Compared to its competitors, the Willys MA had a more powerful engine, and lower unit cost. These factors were among the reasons Willys was chosen as the company that would produce the 1/4 ton 4x4 truck. The better features of all the pre-production and prototype vehicles were incorporated into the Willys MB. The first 25,000 Willys MB's were equipped with grills fabricated from welded steel stock and are known as "slat grills" among enthusiasts. When Ford Motor Company joined the production effort producing the Willys design as its GPW, its engineers designed a stamped 9 slot steel grill which used less material and was less expensive to produce. This was adopted by Willys for the remainder of production and became the standard grill of the WWII jeep.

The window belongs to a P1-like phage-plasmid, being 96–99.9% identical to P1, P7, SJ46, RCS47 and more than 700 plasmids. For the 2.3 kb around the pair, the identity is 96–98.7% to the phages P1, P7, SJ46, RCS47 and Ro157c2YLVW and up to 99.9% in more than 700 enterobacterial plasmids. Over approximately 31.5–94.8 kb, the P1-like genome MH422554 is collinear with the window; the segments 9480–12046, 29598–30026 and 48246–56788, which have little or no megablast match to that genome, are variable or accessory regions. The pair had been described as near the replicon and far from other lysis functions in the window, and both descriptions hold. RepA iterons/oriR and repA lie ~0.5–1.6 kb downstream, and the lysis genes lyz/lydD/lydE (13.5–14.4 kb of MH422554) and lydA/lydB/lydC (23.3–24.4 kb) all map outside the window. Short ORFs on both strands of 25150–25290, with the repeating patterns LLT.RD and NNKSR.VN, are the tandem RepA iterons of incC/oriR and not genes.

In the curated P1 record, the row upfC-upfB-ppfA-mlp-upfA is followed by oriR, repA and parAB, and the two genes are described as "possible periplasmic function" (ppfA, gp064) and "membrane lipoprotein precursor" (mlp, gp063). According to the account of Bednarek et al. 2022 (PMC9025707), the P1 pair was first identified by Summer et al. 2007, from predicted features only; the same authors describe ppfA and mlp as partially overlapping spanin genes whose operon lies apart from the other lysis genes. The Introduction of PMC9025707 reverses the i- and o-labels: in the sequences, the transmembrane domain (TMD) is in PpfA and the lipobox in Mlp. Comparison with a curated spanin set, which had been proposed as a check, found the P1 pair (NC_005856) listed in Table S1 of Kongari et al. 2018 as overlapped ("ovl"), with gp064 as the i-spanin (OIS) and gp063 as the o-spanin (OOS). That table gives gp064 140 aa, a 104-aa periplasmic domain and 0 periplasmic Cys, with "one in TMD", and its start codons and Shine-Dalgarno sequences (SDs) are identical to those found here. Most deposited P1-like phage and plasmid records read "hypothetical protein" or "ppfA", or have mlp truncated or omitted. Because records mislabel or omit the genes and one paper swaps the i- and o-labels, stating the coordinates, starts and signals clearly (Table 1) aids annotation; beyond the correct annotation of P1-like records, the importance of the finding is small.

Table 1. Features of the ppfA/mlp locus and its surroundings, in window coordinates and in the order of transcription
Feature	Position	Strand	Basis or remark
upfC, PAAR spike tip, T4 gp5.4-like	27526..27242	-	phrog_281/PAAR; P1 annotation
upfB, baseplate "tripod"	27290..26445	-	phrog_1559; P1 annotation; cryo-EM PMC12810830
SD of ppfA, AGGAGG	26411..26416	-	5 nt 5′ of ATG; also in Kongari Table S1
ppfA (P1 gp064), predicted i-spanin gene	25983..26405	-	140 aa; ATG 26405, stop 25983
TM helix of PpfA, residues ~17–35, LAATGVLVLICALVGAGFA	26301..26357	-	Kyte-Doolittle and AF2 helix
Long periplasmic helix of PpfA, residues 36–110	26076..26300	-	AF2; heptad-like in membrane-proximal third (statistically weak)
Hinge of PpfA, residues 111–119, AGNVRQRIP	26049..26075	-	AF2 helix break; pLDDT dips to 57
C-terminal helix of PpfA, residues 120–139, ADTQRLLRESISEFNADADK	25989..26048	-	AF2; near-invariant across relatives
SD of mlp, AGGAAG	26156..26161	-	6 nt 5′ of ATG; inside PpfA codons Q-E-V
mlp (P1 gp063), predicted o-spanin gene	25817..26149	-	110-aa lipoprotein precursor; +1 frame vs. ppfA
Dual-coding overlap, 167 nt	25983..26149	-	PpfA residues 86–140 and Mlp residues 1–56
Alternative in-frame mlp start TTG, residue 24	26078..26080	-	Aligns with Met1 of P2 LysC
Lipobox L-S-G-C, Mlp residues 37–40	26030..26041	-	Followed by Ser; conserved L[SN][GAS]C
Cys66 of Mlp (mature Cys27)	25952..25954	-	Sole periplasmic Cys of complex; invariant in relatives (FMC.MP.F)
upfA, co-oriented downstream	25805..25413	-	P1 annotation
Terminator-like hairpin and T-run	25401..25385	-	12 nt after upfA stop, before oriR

The Veterans Memorial Museum's "slat grill" MB is SN 102157 and was delivered to the ARMY Dec 4, 1941. The jeep was purchased many years ago from a long closed wrecking yard in Cleveland, TN. The MB had been used in a strip mine and was in very bad condition, yet had a lot of original parts. Later, the remains of "slat grill" SN 105312 (date of delivery Dec 23, 1941) were located and acquired, again with a lot of good parts.
A long process began with the goal of restoring 2157. Both bodies were in such bad condition that a donor reproduction body was obtained and cut up. Parts of both bodies were put together using repo parts with a replica rear panel obtained from noted New Zealand fabricator, Mr. John Geesink. The project had not progressed in some time and once again, Mr. Ken Hake of Kansas was commissioned to complete the work.